NASA astronaut Joan Higginbotham spoke to employees at Nazdar, an industrial supplier for the U.S. space shuttle program, on Wednesday, April 4, to thank the employees for their contribution to the space program.
Higginbotham toured Nazdar’s Chicago manufacturing facility, gave a 30 minute presentation describing her work on the Space Shuttle STS-116 Discovery (Dec. 9-22, 2006), answered questions, and presented a commemorative plaque to Jeff Thrall, Nazdar CEO.
“This was a tremendous opportunity for our employees to see the end result of our product,” said Mr. Thrall. “It helps promote a sense of pride in our work, especially when we see the shuttle leave Earth’s atmosphere.”
Astronaut Higginbotham was part of a seven-member Space Shuttle crew on a 12-day mission which continued construction of the ISS outpost by adding the P5 spacer truss segment during the first of four spacewalks. The next two spacewalks rewired the station’s power system, preparing it to support the addition of European and Japanese science modules by future shuttle crews. The fourth spacewalk was added to allow the crew to coax and retract a stubborn solar panel to fold up accordion-style into its box. Discovery also delivered a new crew member and more than two tons of equipment and supplies to the station. Almost two tons of items no longer needed on the station returned to Earth with STS-116. Mission duration was 12 days, 20 hours and 45 minutes.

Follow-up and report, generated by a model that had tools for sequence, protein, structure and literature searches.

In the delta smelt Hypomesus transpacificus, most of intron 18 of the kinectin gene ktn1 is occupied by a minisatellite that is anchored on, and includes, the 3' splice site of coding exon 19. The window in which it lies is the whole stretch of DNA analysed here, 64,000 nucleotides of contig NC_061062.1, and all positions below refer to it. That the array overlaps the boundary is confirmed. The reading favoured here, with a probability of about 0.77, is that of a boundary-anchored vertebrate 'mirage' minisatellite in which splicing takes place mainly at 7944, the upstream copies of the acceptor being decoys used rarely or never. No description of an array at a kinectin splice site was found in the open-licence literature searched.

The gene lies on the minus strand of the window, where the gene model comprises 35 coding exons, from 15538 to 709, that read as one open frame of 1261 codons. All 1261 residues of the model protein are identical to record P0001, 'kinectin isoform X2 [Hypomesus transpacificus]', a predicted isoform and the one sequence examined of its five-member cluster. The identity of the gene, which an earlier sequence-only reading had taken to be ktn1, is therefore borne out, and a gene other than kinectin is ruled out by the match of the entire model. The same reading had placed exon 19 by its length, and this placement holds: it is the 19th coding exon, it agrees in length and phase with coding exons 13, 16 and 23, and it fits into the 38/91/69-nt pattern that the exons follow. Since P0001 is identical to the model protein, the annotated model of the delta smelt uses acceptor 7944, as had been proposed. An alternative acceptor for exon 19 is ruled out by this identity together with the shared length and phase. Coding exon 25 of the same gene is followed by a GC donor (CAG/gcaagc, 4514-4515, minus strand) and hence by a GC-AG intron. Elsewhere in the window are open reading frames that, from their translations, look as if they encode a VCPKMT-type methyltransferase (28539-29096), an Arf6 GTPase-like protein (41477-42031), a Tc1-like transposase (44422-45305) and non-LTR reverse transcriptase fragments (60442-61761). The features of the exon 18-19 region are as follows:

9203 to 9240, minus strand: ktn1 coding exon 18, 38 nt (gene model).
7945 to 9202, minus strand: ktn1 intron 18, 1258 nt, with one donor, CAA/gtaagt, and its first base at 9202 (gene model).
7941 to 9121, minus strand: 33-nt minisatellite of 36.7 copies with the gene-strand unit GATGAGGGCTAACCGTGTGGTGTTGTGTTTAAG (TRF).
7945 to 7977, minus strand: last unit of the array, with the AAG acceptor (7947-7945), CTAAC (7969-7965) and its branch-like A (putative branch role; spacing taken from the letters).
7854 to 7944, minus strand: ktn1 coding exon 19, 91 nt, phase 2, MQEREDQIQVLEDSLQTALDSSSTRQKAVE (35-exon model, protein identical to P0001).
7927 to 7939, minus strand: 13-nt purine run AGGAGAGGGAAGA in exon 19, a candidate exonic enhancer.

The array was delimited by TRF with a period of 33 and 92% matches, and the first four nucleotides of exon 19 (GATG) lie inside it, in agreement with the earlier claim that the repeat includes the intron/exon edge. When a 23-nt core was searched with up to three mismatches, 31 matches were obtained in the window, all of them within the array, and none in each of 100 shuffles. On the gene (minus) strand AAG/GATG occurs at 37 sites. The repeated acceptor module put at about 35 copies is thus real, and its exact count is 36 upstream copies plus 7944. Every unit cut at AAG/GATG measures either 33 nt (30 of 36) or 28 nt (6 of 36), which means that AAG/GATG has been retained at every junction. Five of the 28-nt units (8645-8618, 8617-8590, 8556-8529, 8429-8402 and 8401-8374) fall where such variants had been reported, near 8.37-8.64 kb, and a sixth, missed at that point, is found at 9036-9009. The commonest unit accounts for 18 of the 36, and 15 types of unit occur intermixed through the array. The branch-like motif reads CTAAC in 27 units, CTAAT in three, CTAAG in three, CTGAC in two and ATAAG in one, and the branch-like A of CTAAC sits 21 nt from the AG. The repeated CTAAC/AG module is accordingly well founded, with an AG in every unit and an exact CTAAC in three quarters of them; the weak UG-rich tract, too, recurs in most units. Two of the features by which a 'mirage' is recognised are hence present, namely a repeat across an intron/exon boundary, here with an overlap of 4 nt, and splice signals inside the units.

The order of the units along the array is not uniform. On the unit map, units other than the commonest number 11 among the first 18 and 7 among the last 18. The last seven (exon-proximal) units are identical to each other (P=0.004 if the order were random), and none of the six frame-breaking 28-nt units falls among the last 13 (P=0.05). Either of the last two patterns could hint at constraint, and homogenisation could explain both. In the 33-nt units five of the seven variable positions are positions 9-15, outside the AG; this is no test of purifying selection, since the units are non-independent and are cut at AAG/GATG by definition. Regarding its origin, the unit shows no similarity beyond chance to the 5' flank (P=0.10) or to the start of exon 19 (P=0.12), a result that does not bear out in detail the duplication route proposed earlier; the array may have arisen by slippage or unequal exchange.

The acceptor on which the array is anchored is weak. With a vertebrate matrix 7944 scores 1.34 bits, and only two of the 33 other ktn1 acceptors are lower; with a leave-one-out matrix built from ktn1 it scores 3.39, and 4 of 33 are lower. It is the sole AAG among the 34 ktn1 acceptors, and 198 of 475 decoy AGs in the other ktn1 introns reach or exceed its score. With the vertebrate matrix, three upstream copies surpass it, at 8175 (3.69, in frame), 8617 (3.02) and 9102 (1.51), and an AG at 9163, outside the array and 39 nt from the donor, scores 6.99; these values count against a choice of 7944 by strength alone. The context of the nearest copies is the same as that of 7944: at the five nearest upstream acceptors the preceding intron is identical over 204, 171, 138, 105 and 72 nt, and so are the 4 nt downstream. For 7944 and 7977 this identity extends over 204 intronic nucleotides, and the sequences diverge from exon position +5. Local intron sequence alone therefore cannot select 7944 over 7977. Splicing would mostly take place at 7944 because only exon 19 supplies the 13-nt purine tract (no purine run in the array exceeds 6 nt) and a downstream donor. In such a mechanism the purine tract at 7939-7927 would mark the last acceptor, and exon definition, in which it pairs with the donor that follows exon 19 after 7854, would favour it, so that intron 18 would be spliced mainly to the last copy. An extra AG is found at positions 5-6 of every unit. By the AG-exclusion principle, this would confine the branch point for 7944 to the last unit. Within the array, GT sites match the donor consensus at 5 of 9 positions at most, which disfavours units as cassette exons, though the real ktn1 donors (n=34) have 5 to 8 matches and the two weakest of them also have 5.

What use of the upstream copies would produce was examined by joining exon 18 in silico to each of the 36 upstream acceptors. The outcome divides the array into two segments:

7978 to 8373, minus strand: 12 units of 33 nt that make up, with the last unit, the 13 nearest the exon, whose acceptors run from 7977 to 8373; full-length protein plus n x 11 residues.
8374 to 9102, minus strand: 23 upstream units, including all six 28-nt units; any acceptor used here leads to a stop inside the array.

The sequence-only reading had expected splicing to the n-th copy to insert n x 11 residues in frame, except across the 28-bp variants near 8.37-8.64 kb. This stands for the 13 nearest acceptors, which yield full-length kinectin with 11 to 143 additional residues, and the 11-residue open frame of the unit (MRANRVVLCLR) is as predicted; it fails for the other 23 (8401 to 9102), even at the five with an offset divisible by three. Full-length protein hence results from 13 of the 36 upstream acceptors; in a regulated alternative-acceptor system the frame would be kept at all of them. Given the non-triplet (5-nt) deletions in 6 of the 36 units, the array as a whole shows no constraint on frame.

The visit was arranged by ATK Launch Systems of Brigham City, UT, as part of the NASA Space Flight Awareness program. The purpose of the program is to ensure employees involved in human space flight are aware of the importance of their role in promoting astronaut safety and mission success in the critical, challenging task of flying humans in space.
Nazdar –the largest manufacturer of screen and digital printing inks in North America – supplies marking inks used to identify components on the space shuttle’s solid rocket boosters, manufactured by ATK Launch Systems. ATK’s boosters provide more than six million pounds of thrust as NASA’s Space Shuttle Discovery launched into orbit.